JavaScript UI tasks

In a previous episode we looked at how CodeSignal can evaluate a front-end user interface task involving React; this time, we check out an example written in classic JavaScript. The particular task we explored is focused on the candidate’s JavaScript abilities within the web environment, so the HTML and CSS files are provided as boilerplate. This provides more targeted assessment, while cutting down on the candidate’s time commitment. Furthermore, this task is technically labelled as a recovery type (as seen in episode 7), which means that even in a multi-file environment, we can control which parts of the code can be modified by the user (in this case, the whole .js file).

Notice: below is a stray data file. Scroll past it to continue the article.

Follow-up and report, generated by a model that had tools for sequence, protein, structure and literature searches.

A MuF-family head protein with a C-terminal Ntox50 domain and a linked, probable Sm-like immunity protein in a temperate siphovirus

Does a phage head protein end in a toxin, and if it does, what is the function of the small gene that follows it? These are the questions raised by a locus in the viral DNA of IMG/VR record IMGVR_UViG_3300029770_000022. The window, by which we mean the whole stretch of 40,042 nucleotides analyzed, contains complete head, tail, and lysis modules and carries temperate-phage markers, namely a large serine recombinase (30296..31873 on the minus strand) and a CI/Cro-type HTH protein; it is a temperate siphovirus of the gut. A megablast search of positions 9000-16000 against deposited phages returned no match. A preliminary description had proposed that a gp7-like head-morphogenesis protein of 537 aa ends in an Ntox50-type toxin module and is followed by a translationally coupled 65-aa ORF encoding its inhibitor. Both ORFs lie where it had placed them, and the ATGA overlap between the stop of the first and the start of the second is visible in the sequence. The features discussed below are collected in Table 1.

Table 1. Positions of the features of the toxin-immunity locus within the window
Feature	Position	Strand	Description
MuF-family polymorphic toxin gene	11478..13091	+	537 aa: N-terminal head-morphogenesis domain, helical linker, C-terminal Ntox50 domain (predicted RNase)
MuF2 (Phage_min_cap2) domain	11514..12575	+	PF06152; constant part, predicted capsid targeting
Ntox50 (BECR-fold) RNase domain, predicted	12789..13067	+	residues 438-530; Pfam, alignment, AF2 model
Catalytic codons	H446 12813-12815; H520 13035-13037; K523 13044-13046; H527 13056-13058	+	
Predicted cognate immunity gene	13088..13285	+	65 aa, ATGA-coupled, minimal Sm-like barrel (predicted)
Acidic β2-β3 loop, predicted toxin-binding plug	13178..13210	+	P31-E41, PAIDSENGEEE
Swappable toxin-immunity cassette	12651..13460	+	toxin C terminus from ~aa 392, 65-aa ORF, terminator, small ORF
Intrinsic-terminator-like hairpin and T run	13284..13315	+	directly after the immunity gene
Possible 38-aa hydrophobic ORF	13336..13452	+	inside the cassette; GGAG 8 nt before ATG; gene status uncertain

Similar to other front-end tasks, the tests are administered using a selenium browser, which renders the page within the DOM, allowing it to check if the elements’ properties are within expected ranges. Since this project involves a .js file, the selenium browser can also interact with the page and check if it’s having the intended effect on other elements. And since each of these interactions can be separated into distinct tests, the user gets detailed information on what they were able to do correctly and what still needs to be done. This has additional benefits to hiring managers, as they receive a more detailed understanding of how the candidate performed (eg: they passed 75% of the tests, rather than a simple pass or fail result).

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